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What Is Random Selection?

Random selection refers to a process that researchers use to pick participants for a study. When using this method, every single member of a population has an equal chance of being chosen as a subject.

This process is an important research tool used in psychology research, allowing scientists to create representative samples from which conclusions can be drawn and applied to the larger population.

Examples of Random Selection

Random selection is a crucial technique in psychology research to ensure that samples are representative of the population, thus enhancing the generalizability of the findings. Here are a few brief examples of how random selection can be used in different areas of psychology research:

Survey Research on Mental Health

A researcher wants to study the prevalence of anxiety disorders among adults in a city. They use random selection to choose a sample of adults from the city’s population registry. This ensures that every adult in the city has an equal chance of being selected, making the sample representative of the entire adult population.

Experimental Research on Cognitive Processes:

To investigate the effects of sleep deprivation on memory, a researcher randomly selects participants from a university’s student population. By randomly assigning these students to either a sleep-deprived group or a control group, the researcher ensures that any differences in memory performance are likely due to the manipulation of sleep rather than pre-existing differences between groups.

Developmental Psychology Studies

A study aims to understand the development of language skills in toddlers. The researcher randomly selects toddlers from several daycare centers in a region. This random selection helps ensure that the sample includes children from diverse backgrounds, leading to more generalizable findings about language development.

Clinical Trials for Psychological Interventions

In testing a new therapeutic intervention for depression, a researcher randomly selects participants from a pool of individuals diagnosed with depression. Participants are then randomly assigned to either the intervention group or a control group (e.g., receiving standard care). This random selection and assignment help control for potential confounding variables and biases.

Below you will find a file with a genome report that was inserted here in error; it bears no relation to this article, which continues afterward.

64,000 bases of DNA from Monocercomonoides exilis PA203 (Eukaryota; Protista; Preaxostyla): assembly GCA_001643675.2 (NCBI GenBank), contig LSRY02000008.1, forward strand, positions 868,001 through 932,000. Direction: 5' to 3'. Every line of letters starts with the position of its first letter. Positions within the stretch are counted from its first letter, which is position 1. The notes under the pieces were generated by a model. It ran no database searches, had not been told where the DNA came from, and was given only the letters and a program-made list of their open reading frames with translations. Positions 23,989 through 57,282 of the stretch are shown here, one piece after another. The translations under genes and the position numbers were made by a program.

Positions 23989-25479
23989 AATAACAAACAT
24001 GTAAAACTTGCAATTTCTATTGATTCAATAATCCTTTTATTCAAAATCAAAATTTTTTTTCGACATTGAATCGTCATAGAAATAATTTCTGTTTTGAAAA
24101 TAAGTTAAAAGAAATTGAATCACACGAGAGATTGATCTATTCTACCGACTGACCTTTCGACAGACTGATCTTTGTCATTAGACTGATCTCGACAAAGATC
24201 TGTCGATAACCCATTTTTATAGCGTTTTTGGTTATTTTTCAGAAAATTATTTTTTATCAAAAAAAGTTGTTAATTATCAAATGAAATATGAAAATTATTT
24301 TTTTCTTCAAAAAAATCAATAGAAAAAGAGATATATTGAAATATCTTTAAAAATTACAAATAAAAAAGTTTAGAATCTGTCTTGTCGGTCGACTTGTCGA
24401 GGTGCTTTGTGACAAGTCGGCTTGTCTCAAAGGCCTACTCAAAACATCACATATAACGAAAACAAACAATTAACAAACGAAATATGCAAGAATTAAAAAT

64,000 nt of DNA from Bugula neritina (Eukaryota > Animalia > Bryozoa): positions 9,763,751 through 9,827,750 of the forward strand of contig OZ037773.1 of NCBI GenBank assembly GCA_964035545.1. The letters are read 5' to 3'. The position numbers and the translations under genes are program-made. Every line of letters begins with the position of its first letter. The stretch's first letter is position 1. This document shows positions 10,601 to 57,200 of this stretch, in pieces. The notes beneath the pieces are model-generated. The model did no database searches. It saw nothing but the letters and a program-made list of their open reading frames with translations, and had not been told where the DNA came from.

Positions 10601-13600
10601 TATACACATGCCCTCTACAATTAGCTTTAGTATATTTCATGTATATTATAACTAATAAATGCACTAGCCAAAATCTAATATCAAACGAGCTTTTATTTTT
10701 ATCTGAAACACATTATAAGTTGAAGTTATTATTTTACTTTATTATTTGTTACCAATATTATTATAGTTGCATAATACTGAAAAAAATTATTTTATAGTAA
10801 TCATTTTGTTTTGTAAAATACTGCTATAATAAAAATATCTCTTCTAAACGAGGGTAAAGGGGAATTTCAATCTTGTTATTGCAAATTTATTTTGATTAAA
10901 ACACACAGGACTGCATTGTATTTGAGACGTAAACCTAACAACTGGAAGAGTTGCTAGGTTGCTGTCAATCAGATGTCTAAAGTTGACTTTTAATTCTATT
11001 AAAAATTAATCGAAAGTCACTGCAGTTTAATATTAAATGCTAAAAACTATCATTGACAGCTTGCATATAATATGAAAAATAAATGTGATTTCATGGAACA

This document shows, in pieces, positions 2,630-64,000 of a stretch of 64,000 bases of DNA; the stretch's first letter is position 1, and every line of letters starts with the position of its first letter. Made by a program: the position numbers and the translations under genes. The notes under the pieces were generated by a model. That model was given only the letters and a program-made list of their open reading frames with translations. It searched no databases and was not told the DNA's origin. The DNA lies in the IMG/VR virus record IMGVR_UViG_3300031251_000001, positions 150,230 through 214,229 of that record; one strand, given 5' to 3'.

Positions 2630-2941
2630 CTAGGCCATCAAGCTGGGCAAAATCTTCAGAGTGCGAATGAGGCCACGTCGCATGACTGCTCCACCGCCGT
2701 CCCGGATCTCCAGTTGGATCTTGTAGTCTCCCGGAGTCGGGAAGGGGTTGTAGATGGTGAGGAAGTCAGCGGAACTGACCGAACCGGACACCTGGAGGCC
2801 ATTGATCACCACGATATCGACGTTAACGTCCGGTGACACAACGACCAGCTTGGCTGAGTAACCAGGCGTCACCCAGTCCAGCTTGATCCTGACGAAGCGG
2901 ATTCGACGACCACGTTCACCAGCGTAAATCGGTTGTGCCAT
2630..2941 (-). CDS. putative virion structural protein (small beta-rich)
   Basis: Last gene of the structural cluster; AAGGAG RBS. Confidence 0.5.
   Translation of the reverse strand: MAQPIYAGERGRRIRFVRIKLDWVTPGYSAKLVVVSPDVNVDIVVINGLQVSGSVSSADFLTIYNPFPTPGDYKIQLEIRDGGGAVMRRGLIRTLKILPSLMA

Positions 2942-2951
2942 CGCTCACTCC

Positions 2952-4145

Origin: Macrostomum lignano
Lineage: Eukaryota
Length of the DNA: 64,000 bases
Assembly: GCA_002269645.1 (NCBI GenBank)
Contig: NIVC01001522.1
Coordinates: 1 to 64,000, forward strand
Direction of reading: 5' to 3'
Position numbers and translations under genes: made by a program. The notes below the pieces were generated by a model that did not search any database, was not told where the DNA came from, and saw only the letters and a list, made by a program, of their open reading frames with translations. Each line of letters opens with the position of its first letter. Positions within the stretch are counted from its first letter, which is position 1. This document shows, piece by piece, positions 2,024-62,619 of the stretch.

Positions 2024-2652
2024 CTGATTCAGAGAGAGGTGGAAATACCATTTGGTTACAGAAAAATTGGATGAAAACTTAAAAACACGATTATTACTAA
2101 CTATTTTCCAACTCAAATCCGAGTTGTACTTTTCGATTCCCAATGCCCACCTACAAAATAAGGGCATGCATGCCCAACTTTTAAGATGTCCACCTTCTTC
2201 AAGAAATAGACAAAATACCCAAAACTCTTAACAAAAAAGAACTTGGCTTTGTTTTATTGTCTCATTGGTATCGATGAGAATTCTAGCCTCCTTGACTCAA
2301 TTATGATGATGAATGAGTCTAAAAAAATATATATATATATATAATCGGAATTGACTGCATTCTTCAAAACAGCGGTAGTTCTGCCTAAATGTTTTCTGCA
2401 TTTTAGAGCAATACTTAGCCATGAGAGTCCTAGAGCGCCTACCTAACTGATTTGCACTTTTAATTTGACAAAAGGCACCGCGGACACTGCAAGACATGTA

Social Psychology Research

To study the impact of group dynamics on decision-making, a researcher randomly selects employees from different departments of a large corporation. By using random selection, the researcher can ensure that the sample is not biased towards any particular department, making the findings more applicable across the entire corporation.

These examples illustrate how random selection helps create representative samples and enhances the internal and external validity of psychological research.

Random Selection vs. Random Assignment

It is important to note that random selection is not the same as random assignment. While random selection involves how participants are chosen for a study, random assignment involves how those chosen are then assigned to different groups in the experiment.

Many studies and experiments actually use both random selection and random assignment.

For example, random selection might be used to draw 100 students to participate in a study. Each of these 100 participants would then be randomly assigned to either the control group or the experimental group.

Reasons to Use Random Selection

What is the reason that researchers choose to use random selection when conducting research?

Some key reasons include:

Increased Generalizability

Random selection is one way to help improve the generalizability of the results. A sample is drawn from a larger population. Researchers want to be sure that the sample they use in their study accurately reflects the characteristics of the larger group.

The more representative the sample is, the better able the researchers can generalize the results of their experiment to a larger population.

By randomly selecting participants for a study, researchers can also help minimize the possibility of bias influencing the results.

Reduced Outlier Effects

Random selection helps ensure that anomalies will not skew results. By randomly selecting participants for a study, researchers are less likely to draw on subjects that may share unusual characteristics in common.

For example, suppose researchers were interested in learning how many people in the general population are left-handed. In that case, the results might be skewed if subjects were inadvertently drawn from a group that included an unusually high number of left-handed individuals.

Random selection ensures that the group better represents what exists in the real world.


Hilbert, S. (2017). Random selection. In: Zeigler-Hill, V., Shackelford, T. (eds) Encyclopedia of Personality and Individual Differences. Springer, Cham.

Martínez-Mesa, J., González-Chica, D. A., Duquia, R. P., Bonamigo, R. R., & Bastos, J. L. (2016). Sampling: how to select participants in my research studyAnais brasileiros de dermatologia91(3), 326–330.